Whilst this social worker seemed to defend her decision to conform and hide the truth from the patient, emotionally and ethically she was driven to act differently. It seems her conforming left her conscience restless and she needed something to feel reassured about. This uncomfortable emotion, although not acknowledged by Maria, drove her to provide the patient with a piece of information. Feminists theorists on ethics have argue about the emotional involvement of an individual in the ethical decision-making process. According to these theorists, emotions are embedded in what people understand as moral or ethical and derive from intimate relationships and empathy (Koehn, 1998). All social workers who identified hiding the truth from the patients as ethically problematic seemed to deal with it as if they were in the patients shoes. However, they identify this ethical issue as having a specific professional role, that is, to advocate and promote ones right for the 171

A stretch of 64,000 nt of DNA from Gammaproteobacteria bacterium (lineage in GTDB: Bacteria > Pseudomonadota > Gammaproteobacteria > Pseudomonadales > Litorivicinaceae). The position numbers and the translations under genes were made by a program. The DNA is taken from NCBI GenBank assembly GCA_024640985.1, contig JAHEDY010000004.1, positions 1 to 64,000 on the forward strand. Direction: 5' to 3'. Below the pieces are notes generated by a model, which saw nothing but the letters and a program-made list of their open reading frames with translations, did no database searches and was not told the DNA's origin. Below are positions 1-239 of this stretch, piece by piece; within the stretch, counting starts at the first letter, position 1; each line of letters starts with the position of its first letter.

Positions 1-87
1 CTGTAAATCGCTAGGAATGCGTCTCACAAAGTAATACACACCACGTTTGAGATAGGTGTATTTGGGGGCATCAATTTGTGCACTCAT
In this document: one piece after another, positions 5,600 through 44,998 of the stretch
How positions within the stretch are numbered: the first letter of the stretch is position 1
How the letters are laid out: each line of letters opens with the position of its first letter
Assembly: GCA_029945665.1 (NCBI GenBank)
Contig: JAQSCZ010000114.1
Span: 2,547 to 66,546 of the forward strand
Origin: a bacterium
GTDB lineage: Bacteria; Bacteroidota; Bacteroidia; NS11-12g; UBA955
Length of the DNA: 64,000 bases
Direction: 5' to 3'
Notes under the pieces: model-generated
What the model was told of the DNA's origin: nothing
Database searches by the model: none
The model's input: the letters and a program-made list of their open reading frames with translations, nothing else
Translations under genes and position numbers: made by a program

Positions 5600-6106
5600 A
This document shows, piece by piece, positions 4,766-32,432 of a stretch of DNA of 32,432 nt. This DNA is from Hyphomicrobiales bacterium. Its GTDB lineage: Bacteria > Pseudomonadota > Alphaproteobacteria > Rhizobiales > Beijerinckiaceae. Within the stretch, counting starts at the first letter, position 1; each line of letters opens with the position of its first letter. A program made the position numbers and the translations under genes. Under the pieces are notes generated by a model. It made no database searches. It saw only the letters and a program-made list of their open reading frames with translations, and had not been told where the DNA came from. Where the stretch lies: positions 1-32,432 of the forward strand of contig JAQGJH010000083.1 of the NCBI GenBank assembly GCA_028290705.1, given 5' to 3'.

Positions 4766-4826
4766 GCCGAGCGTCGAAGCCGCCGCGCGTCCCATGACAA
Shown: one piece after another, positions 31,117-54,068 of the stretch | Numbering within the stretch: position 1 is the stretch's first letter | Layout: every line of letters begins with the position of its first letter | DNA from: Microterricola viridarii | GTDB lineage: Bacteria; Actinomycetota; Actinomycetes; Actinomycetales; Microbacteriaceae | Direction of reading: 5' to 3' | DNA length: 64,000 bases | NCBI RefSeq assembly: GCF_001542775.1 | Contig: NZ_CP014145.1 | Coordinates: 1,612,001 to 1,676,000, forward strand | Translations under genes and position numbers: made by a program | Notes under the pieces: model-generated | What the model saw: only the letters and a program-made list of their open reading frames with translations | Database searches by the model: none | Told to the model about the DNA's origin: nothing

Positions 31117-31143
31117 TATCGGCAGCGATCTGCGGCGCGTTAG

truth. Therefore, ethical action may not only be a matter of knowing or identifying ethically problematic situations, rather it is also important to acknowledge ethical responsibilities as part of professional practice and role (Bowles et al. 2006). However, the ethical engagement of social work to social change is prone to remain an intellectualized purpose unless a framework for action will be also used by the professionals. In particular, the critical approach provides a comprehensive framework for action to achieve political and social changes. Few referred to self determination as a right that had been undermined. Virtues such as honesty were missing from their ethical deliberations. According to the ethic of care, not all actions derive from a genuine desire to show our nurturing interest for the other and therefore, some actions may be incompatible with caring (Koehn, 1998). The role of emotions in the ethical decision-making process was illustrated and this fact may constitute evidence for those who model the process of ethical decision-making. If the decision makers emotions are able to alienate the enactment of the decision, then an ethical decisionmaking model should not be based on an artificial conviction that decisions are made based on values such as the best interest of the client. Instead, a model should include the thoughtful examination of the decision makers emotions not only to predict emotional violations, but also to ensure a more conscious enactment of the decision. Additionally, in the instance of the social worker who expressed her feelings recording the cancer patient may suggest that difficult emotions and the enactment of defense mechanisms obscure ones ability to recognize the ethical dimension of a situation. 5.5.2 Autonomy versus safety Some social workers found it ethically difficult to decide whether to ensure someones best interest. Older people and issues of safety were a particular concern. Knowing what was safety for older people was not always a straightforward process. Therefore, for some social workers the real ethical issue was not to choose among autonomy and safety, but rather to ensure that older people would be safe in institutional care. Rena made a clear illustration of this consideration: For me the only solution, subjectively, was to send this person to an institution, to have his food, his care, but he didnt want to go. This is the dilemma, what we believe that should be done and what the person himself believes, especially when he cannot understand the situation. Also when they have a family who cannot have them in their 172